A few months ago I gave a talk at a local high school here in Moncton. I shared my journey, went deep in the challenges I overcame, and gave my ALL to help inspire these kids live a bigger life. But during the Q&A, the tables got turned. And it was this kid in the front row. Someone I’ve never met before. Who with ONE question, hit me right at my core.
"Why are you here? … What are you doing here?" Those are the 2 questions Brian asked me. … Brian. Brian was one of the guards in the Saint John Regional Correctional Facility where I was doing an eleven-month sentence for the severity of my crimes. I was 16… And Brian was the guard who got me out of the room where I spent 3 days in solitary confinement (aka The Hole), because of a fight.
Do you know what it takes to buy a private jet? Have you thought about why you would want a private jet? These are questions that pop in the minds of a lot of business owners and for good reason, because they symbolize a form and level of success. Not only that... the private jet allows you to buy back time.
Should I exit or should I stay the course? It’s THE single biggest question that nearly every successful founder will eventually be met with. And after taking my coaching clients for a private sit down with Chris Savage at Wistia… … it got us all thinking about the best ways to evaluate whether or not it’s time to exit and start fresh... or buckle in and continue down the path.
One small step for a startup founder... one giant leap for his business… As a SaaS entrepreneur you deal with tons of doubts, fears and worries. And sometimes you feel like YOU are just not capable of doing it all. How do you overcome the struggle? Well… you become the Alter Ego who can take on these challenges. And how does that work exactly? Basically, it all boils down to a little game we all played as kids. So... as
Okay. Here we go. Focus. Speed. SaaS is Racing. I remember a couple of years ago I watched “Cars” the movie with my two boys. What struck me most about the story was that the main character, Lightning McQueen, didn't learn to be the best on the race track; he learned it on the training dirt track. So today's update comes from the DirtFish Rally School just outside of Seattle. The more time I spent here hucking, hoping and trying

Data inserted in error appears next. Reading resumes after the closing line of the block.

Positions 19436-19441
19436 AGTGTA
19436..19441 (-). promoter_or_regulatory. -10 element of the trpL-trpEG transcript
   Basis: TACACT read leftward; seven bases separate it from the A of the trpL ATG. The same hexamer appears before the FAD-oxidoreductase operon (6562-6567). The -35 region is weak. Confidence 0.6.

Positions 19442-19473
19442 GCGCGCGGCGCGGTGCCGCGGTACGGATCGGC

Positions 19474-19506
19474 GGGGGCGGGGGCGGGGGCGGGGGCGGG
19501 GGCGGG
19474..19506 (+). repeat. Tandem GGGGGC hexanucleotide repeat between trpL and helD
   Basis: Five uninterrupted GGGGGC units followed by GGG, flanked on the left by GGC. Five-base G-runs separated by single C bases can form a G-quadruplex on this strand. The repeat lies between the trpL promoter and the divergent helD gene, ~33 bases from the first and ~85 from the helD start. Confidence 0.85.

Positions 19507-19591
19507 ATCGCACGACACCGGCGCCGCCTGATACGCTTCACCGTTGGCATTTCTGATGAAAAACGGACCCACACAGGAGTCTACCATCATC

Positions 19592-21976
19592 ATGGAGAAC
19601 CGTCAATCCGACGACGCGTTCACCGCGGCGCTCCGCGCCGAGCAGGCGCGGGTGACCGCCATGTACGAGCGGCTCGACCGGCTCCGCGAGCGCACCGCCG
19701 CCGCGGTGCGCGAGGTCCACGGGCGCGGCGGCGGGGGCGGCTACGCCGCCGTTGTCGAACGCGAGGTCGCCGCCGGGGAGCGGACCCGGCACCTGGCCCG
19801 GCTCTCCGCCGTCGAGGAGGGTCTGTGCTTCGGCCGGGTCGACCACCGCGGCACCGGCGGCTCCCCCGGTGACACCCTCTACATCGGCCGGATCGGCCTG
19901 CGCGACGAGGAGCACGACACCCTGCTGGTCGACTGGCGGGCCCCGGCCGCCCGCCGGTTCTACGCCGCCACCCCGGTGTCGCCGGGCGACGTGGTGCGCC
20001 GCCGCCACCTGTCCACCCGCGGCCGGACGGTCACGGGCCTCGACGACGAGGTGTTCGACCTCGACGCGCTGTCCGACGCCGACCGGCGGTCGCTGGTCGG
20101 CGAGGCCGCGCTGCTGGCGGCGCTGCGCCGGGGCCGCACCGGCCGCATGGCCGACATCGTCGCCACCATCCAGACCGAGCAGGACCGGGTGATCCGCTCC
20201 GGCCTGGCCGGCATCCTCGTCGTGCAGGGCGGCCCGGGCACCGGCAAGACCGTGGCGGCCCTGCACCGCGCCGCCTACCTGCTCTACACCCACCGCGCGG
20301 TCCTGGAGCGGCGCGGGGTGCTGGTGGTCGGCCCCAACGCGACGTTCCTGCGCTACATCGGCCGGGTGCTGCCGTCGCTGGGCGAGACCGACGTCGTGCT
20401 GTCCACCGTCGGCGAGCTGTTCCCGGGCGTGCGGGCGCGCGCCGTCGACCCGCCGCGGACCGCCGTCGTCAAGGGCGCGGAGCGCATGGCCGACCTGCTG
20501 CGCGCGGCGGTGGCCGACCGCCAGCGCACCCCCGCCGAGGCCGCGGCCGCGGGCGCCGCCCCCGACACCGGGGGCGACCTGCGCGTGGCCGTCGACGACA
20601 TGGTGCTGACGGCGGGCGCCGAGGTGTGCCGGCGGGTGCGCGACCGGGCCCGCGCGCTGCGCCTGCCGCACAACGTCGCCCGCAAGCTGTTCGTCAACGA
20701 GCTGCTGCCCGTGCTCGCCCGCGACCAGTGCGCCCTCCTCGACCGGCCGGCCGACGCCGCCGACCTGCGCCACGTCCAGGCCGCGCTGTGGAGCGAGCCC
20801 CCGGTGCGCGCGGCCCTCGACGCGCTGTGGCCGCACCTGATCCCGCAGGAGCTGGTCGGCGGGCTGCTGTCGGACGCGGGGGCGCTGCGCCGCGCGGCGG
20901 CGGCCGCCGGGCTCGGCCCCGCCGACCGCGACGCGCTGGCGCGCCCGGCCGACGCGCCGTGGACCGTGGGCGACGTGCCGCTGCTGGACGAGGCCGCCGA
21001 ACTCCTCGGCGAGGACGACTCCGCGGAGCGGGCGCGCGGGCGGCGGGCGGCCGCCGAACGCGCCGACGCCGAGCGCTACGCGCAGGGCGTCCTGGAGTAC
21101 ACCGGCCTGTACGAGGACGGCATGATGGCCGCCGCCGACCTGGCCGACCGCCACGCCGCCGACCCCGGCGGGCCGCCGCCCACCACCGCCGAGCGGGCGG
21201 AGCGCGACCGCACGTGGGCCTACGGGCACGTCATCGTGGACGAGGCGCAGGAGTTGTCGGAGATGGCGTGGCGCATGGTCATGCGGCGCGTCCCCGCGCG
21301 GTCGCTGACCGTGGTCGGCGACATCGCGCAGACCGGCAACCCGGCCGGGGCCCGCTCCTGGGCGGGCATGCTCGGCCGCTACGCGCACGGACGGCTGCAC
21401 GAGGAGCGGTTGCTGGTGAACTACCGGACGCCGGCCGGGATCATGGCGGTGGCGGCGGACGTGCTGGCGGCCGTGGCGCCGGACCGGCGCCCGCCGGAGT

As a high-performing founder, you’re confronted with TWO seemingly opposing forces. You need to travel (a lot) Your health and fitness are a vital part of your capacity to show up and do your best work So how do you reconcile this? How do you stay razor sharp (and fit) while sitting long hours on planes and scavenging for food in a place you’ve never been before?
I’ve spoken a lot about my 3 most recent SaaS exits (Clarity.fm, Flowtown, Spheric)... But rarely do I talk about how EASILY I could’ve given up on each. I mean… … Spheric got sued 15 months in. … Flowtown got shut down by Facebook and had to be rebuilt from near-scratch. … Clarity.fm launched to crickets (despite renting out a 300-seat theatre). As you’d imagine, each had me swallowing a confidence-killing cocktail of fear and frustration. Few would’ve blamed
No matter how great your product is, at some point the success of your SaaS company is gonna be DIRECTLY linked to your personal productivity as a founder. Talk about pressure, right? I can totally relate. I built clarity.fm during an insane 11 month stretch where Renee was starting an agency of her own AND we brought two little humans into the world.
In over 20 years in business, I’ve never met a single founder who hasn’t had to fire at least one employee. While the thought may create knots in your stomach, letting an employee go is actually a super valuable skill with further reaching implications than you might think. Because done wrong, It could crush team morale, compromise data, and even cost you valuable customer accounts. Breaking up isn’t fun… but it’s a skill that as a founder you need to